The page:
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  • Procrastinating in College:Students' Readiness and Resistance to Change
  • Lauren c. Hensley (bio) and Jessica L. Cutshall (bio)

Procrastination, the deferral of activities until a later time, is widespread yet problematic in college (Steel, 2007). Practitioners in various student-affairs contexts address procrastination (Truschel & Reedy, 2009), but not all students benefit from this support (Dembo & Seli, 2004). To understand this challenge, we explored students' written reflections about whether their procrastination habits changed during the semester in which they took a study-skills course, as well as why they believed change had (or had not) occurred. Our purpose was to illuminate processes behind changes in procrastination while also giving voice to students' difficulties in changing.


The study of procrastination reveals important mechanisms in college students' success. Researchers have documented ties between procrastination and poor grades (Richardson, Abraham, & Bond, 2012), as well as academic [End Page 498] stress and reduced well-being (Meier, Reinecke, & Meltzer, 2016). In survey research, both administrators (Truschel & Reedy, 2009) and students (Kachgal, Hansen, & Nutter, 2001) have identified procrastination as a major obstacle to success in college. Habitual procrastination can lead students to use ineffective strategies such as cramming, to fail courses essential to their degree progress, to struggle to connect to university life, or to underperform in key job responsibilities. With mixed success, practitioners in an array of functional areas have addressed procrastination in efforts to prevent these outcomes (Baldwin, Wilkinson, & Barkley, 2000; Dembo & Seli, 2004; Toms & Reedy, 2016; Wheeler, 2012).

Study-skills courses may provide special insight into addressing procrastination. The intervention occurs over a prolonged period, focuses on developing students' academic strategies, and offers a scaffolded environment involving both student- and teacher-generated feedback (Hofer & Yu, 2003). Acknowledging that many college students who learn about effective study habits do not adopt new behaviors nor improve their academic performance, Dembo and Seli (2004) urged researchers to engage in qualitative inquiry concerning students' resistance to changing unproductive behaviors. Grunschel and Schopenhauer (2015) suggested, based on surveys of 377 German undergraduates, that students may differentially benefit from procrastination interventions based on their readiness to change. The present study extended these two earlier lines of inquiry with the purpose of uncovering conditions that facilitated or prevented changes in college students' procrastination.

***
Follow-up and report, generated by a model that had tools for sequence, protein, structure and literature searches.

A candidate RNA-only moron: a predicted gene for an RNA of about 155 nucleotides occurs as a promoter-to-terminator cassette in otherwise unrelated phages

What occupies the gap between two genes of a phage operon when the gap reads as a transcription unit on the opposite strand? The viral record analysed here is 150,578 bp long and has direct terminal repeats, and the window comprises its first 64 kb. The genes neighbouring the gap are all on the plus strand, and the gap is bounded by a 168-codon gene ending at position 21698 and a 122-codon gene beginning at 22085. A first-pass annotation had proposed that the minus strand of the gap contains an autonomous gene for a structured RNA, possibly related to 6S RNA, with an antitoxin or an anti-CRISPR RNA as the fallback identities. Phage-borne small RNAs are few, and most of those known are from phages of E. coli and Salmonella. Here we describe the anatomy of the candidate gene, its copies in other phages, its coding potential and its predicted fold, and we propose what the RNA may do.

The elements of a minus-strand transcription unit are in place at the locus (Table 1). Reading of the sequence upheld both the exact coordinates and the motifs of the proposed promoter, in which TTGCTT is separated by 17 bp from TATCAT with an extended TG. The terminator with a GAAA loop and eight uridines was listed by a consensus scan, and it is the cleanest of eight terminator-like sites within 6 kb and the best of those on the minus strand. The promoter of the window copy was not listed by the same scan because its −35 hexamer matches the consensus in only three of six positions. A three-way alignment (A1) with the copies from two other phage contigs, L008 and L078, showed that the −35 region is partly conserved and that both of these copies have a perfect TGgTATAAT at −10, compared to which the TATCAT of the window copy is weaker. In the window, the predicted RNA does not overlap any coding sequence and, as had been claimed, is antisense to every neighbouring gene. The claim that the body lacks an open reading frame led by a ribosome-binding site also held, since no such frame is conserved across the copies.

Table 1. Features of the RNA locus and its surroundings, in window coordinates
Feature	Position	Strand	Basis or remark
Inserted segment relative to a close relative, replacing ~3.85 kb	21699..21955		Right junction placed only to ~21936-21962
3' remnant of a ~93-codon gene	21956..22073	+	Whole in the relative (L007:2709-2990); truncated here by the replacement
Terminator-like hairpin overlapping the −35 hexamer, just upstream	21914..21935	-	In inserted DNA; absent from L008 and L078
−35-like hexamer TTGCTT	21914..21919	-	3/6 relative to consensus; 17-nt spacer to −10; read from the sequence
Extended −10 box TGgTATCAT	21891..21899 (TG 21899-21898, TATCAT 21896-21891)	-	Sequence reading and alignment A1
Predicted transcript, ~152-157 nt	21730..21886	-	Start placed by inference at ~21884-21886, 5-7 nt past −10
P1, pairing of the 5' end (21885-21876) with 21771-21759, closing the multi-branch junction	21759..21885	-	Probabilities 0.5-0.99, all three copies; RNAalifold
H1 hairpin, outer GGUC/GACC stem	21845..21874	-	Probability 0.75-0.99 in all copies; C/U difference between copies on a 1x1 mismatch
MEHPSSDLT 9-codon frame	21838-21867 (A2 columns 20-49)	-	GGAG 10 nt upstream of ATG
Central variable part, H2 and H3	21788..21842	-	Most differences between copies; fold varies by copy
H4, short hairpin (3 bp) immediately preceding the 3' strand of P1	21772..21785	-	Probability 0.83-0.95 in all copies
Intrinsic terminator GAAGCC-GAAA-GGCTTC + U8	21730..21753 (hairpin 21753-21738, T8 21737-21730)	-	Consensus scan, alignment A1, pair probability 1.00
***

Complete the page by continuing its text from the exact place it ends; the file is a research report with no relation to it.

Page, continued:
Our aim in this study was "generating grounded theory of/for educational practice" (Piantanida, Tananis, & Grubs, 2004, p. 325), an approach that infuses the perspectives and methods of grounded theory into practice-based research of concerns and unanswered questions in educational practices. An interpretivist framework guided the study, reflecting our view that knowledge can be formed through "descriptions of people's intentions, beliefs, values, . . . reasons, meaning making and self-understanding" (Henning, 2004, p. 20). We used this framework, together with grounded theory methodology, to generate knowledge inductively from the viewpoints of those who had experienced the phenomenon of procrastination (Charmaz, 2001).

Participants and Data Collection

Participants in the study were 303 undergraduates at a large, 4-year, public university in the Midwestern United States in Spring 2014. All students in the sample had completed a three-credit study-skills course. In the first and last weeks of the course, students completed a 16-item self-assessment of their procrastination tendencies (for items, see Tuckman, 1991). At the end of the semester, students wrote an open-ended reflection based on the following prompt: "Consider what your procrastination score was at the beginning of the term. You can find it by looking at [link to earlier assignment]. Has your score gone up, down, or stayed the same? Why do you think this is?" We received approval from our university's institutional review board to examine existing materials generated by students' course participation. The sample included all students who submitted the reflection (70% of course-takers). The mean age was 20 years (SD = 3.0), with 32% first-year, 33% second-year, 18% third-year, and 17% fourth-year students.


We, the two authors who had taught the [End Page 499] course previously, reviewed the full data set and coded written reflections in multiple stages. We met with each other throughout the process and debriefed regularly with four other education researchers. We began...


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